Similarly, there are clerics who believe that women should be oppressed, in clear contradiction to the mighty infographic's declarations. Take Yusuf Estes, for example, a prominent American Salafi cleric and a regular presenter on the American Islamic speaker circuit. Estes claims that "women do have a responsibility to obey their men, whether their fathers, brothers, husbands, or even grown-up sons." He instructs Muslim men with disobedient wives to "roll up a newspaper and give her a crack. Or take a yardstick, something like this, and you can hit [her]."
Once again, there are also many Muslims who find such rulings abhorrent. So, is Estes no longer a "true" Muslim? Of course not.
Washington state officials are not the first to offer such absurdities. They're everywhere. Barack Obama frequently spoke about Islam as a "religious that preaches peace." George W. Bush made similar remarks. Theresa May, when Britain's Home Secretary, told the Conservative Party conference that ISIS has "nothing to do with Islam." Even H. R. McMaster, while serving as Trump's national security adviser, reportedly stated that ISIS was "un-Islamic."
In fact, Washington state's source for its proclamations about Islam is rather peculiar. The infographic cites "Swedish Nomad," a blog published by a "Professional Travel Blogger and Photographer from Sweden." He is also very much a non-Muslim.
Relying on non-Muslims to explain "true Islam" to the world on behalf of Muslims everywhere is enormously helpful to the non-violent Islamists. These duplicitous extremists may spout hatred behind closed doors, but they too offer these infographic-themed platitudes in front of the cameras. This distances them from the jihadists and legitimizes them as examples of "true Islam."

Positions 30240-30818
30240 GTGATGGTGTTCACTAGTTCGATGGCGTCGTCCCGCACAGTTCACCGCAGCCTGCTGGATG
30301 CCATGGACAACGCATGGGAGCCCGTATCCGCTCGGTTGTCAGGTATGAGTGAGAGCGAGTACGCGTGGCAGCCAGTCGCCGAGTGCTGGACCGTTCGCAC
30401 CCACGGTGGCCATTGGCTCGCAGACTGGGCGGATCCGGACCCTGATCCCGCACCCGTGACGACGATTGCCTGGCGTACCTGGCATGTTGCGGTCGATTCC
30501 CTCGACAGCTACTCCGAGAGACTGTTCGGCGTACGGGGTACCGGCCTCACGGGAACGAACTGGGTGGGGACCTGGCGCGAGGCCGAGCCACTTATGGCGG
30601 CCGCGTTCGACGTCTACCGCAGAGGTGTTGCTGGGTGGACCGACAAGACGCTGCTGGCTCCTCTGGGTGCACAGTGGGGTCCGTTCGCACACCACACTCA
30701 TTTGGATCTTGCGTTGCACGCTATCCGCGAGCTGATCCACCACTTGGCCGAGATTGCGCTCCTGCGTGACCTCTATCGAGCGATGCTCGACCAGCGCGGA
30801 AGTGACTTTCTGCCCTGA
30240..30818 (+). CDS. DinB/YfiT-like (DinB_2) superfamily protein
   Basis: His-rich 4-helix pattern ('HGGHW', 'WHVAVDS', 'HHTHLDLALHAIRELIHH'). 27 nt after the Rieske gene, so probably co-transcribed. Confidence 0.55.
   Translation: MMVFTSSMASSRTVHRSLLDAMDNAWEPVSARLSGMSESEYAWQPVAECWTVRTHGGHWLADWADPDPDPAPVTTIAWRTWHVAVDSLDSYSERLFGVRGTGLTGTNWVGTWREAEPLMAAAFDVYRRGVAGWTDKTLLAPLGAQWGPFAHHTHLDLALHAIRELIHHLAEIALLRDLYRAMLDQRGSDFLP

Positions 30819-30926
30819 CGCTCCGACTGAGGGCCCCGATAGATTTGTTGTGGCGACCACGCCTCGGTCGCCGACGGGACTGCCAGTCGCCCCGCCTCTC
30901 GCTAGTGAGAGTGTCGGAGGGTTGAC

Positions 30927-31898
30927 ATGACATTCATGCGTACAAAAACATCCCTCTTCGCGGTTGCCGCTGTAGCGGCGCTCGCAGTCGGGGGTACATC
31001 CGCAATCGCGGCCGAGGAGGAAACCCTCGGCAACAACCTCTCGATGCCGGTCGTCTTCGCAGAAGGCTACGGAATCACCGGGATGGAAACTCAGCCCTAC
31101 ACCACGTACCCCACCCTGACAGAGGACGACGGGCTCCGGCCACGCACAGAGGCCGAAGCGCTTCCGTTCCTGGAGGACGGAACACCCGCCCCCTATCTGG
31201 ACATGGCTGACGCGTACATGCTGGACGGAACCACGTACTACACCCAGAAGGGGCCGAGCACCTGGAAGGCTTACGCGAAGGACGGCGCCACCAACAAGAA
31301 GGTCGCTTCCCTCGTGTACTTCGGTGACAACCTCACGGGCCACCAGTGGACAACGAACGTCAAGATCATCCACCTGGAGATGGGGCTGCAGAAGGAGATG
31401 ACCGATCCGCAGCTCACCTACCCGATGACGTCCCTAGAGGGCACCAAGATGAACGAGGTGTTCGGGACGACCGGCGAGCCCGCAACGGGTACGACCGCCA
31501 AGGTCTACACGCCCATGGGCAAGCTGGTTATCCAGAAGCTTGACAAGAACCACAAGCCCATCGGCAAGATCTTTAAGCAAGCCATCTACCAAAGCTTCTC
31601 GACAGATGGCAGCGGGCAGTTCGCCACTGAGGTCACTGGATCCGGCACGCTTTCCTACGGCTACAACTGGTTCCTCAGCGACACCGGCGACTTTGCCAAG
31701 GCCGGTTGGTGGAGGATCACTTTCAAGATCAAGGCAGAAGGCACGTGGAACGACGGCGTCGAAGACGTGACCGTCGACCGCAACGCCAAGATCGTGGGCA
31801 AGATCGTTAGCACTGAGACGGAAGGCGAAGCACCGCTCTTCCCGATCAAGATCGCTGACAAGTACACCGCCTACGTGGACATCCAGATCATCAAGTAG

By denying the diversity of Islamic thought and speaking only of a dichotomy featuring true Muslims on one side and ISIS on the other, politicians and government officials homogenize Islam, making it impossible to separate moderate Muslim partners from the dangerous Islamist networks that operate lawfully within the "true Islam" of Western Muslim communities. This obfuscates counter-extremism and counter-terror work and hurts efforts by Muslim reformists to challenge Islamist influence within their own communities.
The inanity of such rhetoric also leads to fascinating uncertainties. In September, flyers posted around the town of Winchester, Massachusetts, contained only the text, "Islam is RIGHT about women."
Local residents thought hardline Islamists were behind the message; a few online commentators thought progressivist activists were responsible; while the local Islamist organization, the Council on American-Islamic Relations, thought it might be the work of a mocking "Islamophobe."
The fact that no one could be sure is rather telling.
Sam Westrop is director of Islamist Watch, a project of the Middle East Forum.